Florida International University

A Liberty City company that once struggled to stay afloat has become one of the most successful health-food growers, manufacturers and processors in the southeast, turning its success to helping the community.

Leasa Industries employees produce bean and alfalfa sprouts, snow peas and other vegetables; such Chinese food items as egg roll and won ton wraps, fortune cookies and tofu; and stir fry soup mixes. Clients include Publix, Winn-Dixie, Wal-Mart, Sedanos, Sysco Food Service, among others.

Not bad for a company founded in 1977 with $15,000 in money borrowed from friends and family by a man who emigrated from Jamaica with his now deceased wife Einez, three children and $50 in his pocket only a year earlier.

Today, Leasa founder George Yap repays the opportunities he enjoyed by reaching out to the community. The  65-or-so employees at Leasa’s 30,000-square-foot plant in the Poinciana Industrial Park, who mostly hail from Liberty City, Little Haiti and Overtown, include ex-convicts, high school dropouts and mothers dependent on government aid.

One recent hire was an ex-con who spent 20 years in prison, Yap says.

“I was rich in Jamaica, but I lost everything so we came here for a better life. I was jobless, and my wife had to work two jobs to support the family,”  Yap says.  “Everyone makes mistakes, but everyone deserves a second chance. I got a second chance when I came to this country.”

The Yaps’ community commitment does not go unnoticed,

“I have known about Leasa Industries for 18 years and George Yap has always been very sensitive to the community in ensuring that the people that work for his organization are successful,” says Elaine Black, president the Liberty City Trust. “He has grown his business and has allowed for his employees to grow with it.”

Leasa – the company name comes from the first initials of the family’s first names: L. George, wife Einez, and children Andrew, Sean and Allison – has been recognized by the Florida Regional Minority Business Council, Inc. Magazine, Harvard Business School and the U.S. Department of Commerce, among others.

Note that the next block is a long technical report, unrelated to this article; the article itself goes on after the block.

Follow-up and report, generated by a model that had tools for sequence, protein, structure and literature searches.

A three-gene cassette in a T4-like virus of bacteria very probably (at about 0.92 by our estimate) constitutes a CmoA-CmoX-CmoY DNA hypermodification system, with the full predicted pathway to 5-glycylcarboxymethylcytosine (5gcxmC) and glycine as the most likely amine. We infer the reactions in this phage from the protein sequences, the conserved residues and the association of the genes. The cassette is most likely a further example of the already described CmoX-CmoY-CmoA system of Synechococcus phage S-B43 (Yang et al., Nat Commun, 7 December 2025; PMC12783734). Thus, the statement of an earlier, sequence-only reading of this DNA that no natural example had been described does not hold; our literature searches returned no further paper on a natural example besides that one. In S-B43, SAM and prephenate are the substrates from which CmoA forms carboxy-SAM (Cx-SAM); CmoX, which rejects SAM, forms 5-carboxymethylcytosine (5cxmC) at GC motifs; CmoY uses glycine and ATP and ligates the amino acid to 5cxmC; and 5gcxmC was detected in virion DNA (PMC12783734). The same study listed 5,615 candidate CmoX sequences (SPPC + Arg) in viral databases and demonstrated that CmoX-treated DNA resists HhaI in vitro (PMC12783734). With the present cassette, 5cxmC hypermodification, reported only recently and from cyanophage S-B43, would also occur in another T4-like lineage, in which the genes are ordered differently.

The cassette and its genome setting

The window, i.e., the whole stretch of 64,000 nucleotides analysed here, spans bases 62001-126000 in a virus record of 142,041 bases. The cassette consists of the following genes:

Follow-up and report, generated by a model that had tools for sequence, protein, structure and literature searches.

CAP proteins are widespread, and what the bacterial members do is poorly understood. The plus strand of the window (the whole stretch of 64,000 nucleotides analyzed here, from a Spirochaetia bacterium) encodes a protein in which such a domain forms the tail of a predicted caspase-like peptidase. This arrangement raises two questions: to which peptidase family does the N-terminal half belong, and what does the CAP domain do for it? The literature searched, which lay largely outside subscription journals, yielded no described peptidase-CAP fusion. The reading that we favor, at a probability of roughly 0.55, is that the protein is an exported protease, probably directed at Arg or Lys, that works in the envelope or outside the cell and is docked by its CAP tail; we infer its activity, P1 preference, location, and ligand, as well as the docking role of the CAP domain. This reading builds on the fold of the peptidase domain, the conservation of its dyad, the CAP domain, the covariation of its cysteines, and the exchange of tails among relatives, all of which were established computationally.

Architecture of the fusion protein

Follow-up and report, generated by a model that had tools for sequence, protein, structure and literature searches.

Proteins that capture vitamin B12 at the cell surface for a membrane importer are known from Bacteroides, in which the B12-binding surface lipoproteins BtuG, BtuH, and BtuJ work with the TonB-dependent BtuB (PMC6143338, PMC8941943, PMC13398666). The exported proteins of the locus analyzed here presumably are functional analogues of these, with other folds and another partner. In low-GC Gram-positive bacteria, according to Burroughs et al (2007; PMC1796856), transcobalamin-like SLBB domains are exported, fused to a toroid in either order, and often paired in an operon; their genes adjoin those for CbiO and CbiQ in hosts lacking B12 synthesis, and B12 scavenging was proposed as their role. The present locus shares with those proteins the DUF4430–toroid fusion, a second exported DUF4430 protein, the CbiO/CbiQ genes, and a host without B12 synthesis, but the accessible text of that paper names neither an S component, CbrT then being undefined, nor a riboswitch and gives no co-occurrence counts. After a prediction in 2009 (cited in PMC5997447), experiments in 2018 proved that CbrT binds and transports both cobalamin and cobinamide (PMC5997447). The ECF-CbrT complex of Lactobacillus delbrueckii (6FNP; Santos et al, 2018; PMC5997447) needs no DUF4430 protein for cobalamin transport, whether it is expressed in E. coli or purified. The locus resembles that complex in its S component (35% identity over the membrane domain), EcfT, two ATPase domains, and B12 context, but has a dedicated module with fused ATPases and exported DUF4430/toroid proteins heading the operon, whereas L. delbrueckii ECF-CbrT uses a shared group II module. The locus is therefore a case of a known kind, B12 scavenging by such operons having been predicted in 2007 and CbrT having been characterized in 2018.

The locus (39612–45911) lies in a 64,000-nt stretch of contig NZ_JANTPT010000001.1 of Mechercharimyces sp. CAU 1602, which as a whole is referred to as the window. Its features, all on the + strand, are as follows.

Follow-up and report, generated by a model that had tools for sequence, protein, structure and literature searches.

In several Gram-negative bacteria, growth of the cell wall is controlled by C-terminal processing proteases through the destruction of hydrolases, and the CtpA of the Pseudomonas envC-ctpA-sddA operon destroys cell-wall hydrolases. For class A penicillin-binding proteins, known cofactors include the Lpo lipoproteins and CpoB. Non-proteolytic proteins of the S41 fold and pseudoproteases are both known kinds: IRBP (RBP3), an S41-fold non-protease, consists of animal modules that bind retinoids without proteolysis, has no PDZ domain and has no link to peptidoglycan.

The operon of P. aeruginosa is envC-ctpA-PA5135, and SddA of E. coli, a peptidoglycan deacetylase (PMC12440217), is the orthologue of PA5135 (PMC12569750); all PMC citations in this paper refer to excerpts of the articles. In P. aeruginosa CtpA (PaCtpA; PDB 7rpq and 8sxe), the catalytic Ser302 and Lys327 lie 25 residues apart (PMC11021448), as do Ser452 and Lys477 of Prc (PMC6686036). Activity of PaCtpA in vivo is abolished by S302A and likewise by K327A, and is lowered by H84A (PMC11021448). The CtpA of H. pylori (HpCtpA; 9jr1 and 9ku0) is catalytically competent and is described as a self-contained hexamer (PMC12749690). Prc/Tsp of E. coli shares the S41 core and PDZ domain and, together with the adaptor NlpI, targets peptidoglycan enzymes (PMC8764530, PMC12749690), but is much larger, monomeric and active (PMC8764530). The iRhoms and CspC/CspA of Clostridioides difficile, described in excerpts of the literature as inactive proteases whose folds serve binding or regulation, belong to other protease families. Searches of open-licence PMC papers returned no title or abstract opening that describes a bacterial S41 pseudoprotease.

Employees say the fact the Yaps respect their workers is part of their success. Employees, for example are allowed to take time off if they need to take their children to the doctor or have a court appearance, as long they arrange the time off in advance.

One of those employees is Charles Mims, a Liberty City resident and U.S. Air Force veteran who’s been with the company for about 17 years and supervises the vegetable department.

“They treat everyone the same way here. They give people opportunities that most people don’t give,” says Mims, recalling a time when the Yaps loaned him $1,500 when he needed to tend to family matters in Georgia, imposing no repayment schedule.

Mims says the Yaps’ emphasis on discipline and worth ethic helped him, as well.

“I have learned to be patient,” he says.  “I like to teach people, and show them how to do the work.”

Sabrina Williams, who makes sure every stage of production – planting, growing and packaging goes smoothly recalls how the Yaps gave her a job – even after they fired her. 
Williams, who also lives in Liberty City, worked for the company in the early ‘90s, but was let go after an altercation with another employee. She returned in 2008 and asked for her job back.  Two years later she’s a supervisor.

“They understand that everyone deserves a second chance.  I love my job, and I don’t plan on letting it go,” says Williams.

Joyce Missick, an 11-year veteran, simply calls the Yaps family.

“They try to help you out and keep you out of trouble. Mrs. Yap was like everybody’s mother, Mr. Yap is the dad, and that’s my big brother,” Missick says, pointing to Andrew Yap, who became company president five years ago after the same year his mother died.

The younger Yap, also an adjunct professor of business and marketing at Florida International University, carries on his parents’ values.

“We are bringing economic diversity into Liberty City,” he says. “The only thing some have here is a bicycle or a bus. We do what we can to help them out.”